Seybert's Fort, 1758
located on Route 33 at Oak Flat, Pendleton Co, West Virginia
Massacre at Fort Seybert.—Fort Seybert was a frontier post which stood twelve miles northeast of Franklin, the present seat of justice of Pendleton county. Like other structures of its kind, it was a place of refuge for the settlers when threatened by a savage foe. In May, 1758, when between thirty and forty persons were within the enclosure, it was attacked by a body of Shawnees. Finding neither threats nor bullets of any avail, the cunning savages resorted to strategy, and that, too, with most fatal success. They declared to the inmates that if they surrendered the fort their lives should be spared; but if not the siege would be continued until every one within should perish. This promise of safety lured the unfortunate victims and they yielded quiet possession of the fort. Perfidious wretches! What cared they for promises ? Of the number who surrendered, all except eleven, were at once put to death.
["History and Government of West Virginia" By Virgil Anson Lewis, 1896]
Seybert's Fort was situated on the South Fork, twelve miles northeast of Franklin, in Pendleton County. At the time of this invasion, there was a fort located on the South Branch, garrisoned by Capt. James Dunlap and a company of rangers from Augusta county. Preston's Register states, that on the 27th of April, 1758, the fort at which Capt. Dunlap was stationed, was attacked and captured, the captain and twenty-two others killed; and, the next day, the same party, no doubt, attacked Seybert's Fort, killing Capt. Seybert and sixteen others, while twenty-four others were missing. Washington, at the time, placed the number as "about sixty persons killed and missing."
A gazette account, published at Williamsburg, May 5th ensuing, says: " The Indians lately took and burnt two forts, where were stationed one of our ranging companies, forty of whom were killed and scalped, and Lieut. Dunlap and nineteen missing."
Kercheval's History of the Valley gives some further particulars: That Seybert's Fort was taken by surprise; that ten of the thirty persons occupying it, were bound, taken outside ; the others were placed on a log and tomahawked. James Dyer, a lad of fourteen, was spared, taken first to Logstown, and then to Chillicothe, and retained a year and ten months, when as one of an Indian party he visited Fort Pitt, and managed to evade his associates while there, and finally reached the settlements in Pennsylvania, and two years later returned to the South Fork. It is added by the same historian, as another tradition, that after the fort had been invested two days, and two of the Indians had been killed, the garrison agreed to surrender on condition of their lives being spared, which was solemnly promised. That when the gate was opened, the Indians rushed in with demoniac yells, the whites fled, but were retaken, except one person (Transcriber's Note: a man named Robinson escaped) ; the massacre then took place, and ten were carried off into captivity.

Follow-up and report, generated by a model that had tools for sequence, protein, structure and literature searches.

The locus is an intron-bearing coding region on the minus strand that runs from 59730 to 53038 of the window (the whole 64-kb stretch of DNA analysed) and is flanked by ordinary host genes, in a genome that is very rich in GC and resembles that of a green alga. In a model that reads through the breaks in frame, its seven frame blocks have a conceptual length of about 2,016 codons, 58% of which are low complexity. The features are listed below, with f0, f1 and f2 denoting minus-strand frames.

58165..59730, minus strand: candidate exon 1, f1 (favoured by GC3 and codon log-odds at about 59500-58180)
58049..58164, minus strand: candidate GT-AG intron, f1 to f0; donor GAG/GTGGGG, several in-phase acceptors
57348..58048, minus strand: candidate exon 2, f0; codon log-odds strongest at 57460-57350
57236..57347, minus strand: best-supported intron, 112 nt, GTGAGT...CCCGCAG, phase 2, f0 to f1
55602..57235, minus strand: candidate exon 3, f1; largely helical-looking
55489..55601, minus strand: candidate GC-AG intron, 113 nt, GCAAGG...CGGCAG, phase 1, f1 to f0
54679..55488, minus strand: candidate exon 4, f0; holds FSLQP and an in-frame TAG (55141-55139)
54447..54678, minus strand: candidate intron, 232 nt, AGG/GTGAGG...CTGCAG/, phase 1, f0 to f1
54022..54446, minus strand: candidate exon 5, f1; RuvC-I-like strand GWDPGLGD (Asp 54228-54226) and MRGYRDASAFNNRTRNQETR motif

(Transcriber's Note: other sources say 11 were taken captive and were taken to the Shawnee Indian village at Chillicothe, Ohio. Five of the captives, including Captain Seybert's son, Nicholas, later escaped)
Still another tradition preserved by Kercheval, says the noted Delaware chief, Killbuck, led the Indians. Seybert's son, a lad of fifteen, exhibited great bravery in the defense of the fort. Killbuck called out to Capt. Seybert, in English, to surrender, and their lives should be spared; when young Seybert at this instant, aimed his loaded gun at the chief, and the father seized it, and took it from him, saying they could not successfully defend the place, and to save their lives should surrender, confiding in Killbuck's assurances. Capt. Seybert was among the first of those sacrificed. Young Seybert was among the prisoners, and told the chief how near he came to killing him. "You young rascal," laughingly replied Killbuck, " if you had killed me, you would have saved the fort, for had I fallen, my warriors would have immediately fled, and given up the siege in despair."—L. C. D.
[Source: "Chronicles of border warfare, or, A history of the settlement by the whites ... By Alexander Scott Withers", 1895]
Bemino, known as John Killbuck, Sr, was a renowned medicine man and war leader of the Delaware Indians during the French and Indian War (1754-63). He was a son of Netawatwees, at one time principal chief of the Delaware, and his own son was Gelelemend (John Killbuck, Jr.), a Delaware chief during the American Revolutionary War.
Bemino’s phratry (clan) is unclear but he was a member of either the Turtle or the Turkey phratry.
As leader of Delaware and Shawnee warriors, he destroyed British positions at Fort Upper Tract and Fort Seybert (in what is now eastern West Virginia) on April 27 and 28, 1758. [source: wikipedia.org]
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